Sing, Unburied, Sing by Jesmyn Ward is a majestic novel with devastating impact.
Set in modern-day Mississippi, this is the story of three generations of black Southerners—the ever-present racism that imprisons them, the dire circumstances that plague them and the ghosts that haunt them.
While there are many voices in this novel, the central ones belong to Leonie, a drug-addicted young mother, and her thirteen-year-old son, JoJo, who live on a farm with Leonie’s parents and toddler daughter, Kayla.
This is part road trip novel when Michael, the white father of JoJo and Kayla, is released from prison and Leonie takes her children and best friend to get him. “I watch the road roll out before me like a big black ribbon.”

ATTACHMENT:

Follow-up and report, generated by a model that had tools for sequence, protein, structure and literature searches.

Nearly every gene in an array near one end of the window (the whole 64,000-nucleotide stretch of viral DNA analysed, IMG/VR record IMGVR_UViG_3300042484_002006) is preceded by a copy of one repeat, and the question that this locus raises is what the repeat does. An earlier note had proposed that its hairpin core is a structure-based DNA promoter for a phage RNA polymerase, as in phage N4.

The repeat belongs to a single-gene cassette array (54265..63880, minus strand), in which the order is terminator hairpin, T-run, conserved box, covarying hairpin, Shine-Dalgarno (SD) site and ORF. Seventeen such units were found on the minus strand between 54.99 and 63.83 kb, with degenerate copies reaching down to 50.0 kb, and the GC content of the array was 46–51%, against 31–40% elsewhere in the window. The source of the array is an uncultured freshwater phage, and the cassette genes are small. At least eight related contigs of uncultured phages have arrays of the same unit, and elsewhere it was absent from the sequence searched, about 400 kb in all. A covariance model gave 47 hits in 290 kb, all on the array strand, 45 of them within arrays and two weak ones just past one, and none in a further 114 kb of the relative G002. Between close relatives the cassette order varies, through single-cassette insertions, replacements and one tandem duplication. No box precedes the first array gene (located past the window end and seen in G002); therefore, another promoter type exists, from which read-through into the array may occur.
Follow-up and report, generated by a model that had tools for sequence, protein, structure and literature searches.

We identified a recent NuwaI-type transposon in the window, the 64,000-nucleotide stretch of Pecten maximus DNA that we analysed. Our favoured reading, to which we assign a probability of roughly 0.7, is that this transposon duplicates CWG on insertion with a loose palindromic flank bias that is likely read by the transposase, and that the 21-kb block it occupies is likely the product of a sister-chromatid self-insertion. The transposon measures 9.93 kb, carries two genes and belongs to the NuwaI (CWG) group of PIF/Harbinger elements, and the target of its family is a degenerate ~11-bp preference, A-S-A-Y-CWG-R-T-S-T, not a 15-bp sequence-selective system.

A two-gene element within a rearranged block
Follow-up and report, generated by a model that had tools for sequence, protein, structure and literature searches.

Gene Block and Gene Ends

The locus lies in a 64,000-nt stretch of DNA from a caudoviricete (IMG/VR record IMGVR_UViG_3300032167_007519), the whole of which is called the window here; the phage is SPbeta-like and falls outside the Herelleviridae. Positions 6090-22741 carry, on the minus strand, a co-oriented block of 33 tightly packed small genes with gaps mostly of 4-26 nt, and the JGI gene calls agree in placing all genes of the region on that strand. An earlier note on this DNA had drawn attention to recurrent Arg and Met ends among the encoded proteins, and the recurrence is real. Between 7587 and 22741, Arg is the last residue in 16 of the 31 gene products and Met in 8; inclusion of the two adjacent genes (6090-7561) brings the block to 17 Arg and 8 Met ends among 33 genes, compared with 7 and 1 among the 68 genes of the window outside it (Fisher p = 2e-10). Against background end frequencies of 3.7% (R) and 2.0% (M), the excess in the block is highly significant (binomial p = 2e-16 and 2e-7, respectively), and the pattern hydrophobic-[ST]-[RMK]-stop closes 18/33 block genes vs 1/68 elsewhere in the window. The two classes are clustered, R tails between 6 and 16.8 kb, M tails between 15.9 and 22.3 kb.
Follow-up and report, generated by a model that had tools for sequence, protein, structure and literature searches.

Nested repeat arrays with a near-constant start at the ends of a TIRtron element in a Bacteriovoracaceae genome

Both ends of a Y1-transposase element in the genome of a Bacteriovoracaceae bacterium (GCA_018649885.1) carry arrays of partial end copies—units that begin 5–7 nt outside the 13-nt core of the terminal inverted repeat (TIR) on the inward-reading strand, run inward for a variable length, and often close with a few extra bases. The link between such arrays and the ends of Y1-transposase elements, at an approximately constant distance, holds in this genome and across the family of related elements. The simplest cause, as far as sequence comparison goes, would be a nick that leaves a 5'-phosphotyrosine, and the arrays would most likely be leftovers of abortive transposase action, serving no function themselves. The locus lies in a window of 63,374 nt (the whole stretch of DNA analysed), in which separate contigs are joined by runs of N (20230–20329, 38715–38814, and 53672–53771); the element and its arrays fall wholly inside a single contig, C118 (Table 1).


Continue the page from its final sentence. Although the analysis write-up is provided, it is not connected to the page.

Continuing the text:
This is part love story, both the muted romance of Leonie’s parents and the “loving across color lines” of Michael and Leonie. “He saw me. Saw past skin the color of unmilked coffee, eyes black, lips the color plums, and saw me.”
This is also a ghost story for the spirits of Leonie’s brother, who died in a suspicious hunting accident, and Richie, a young boy who was incarcerated with Leonie’s father, appear throughout the book.
Ward’s treatment of the supernatural pulls the afterlife close to this one in the same way that her lyrical writing style pulls her prose close to poetry.
Best paired with meat, onions and garlic, bell pepper, and celery cooked in butter. A glass of wine in a mason jar and red velvet birthday cake for dessert.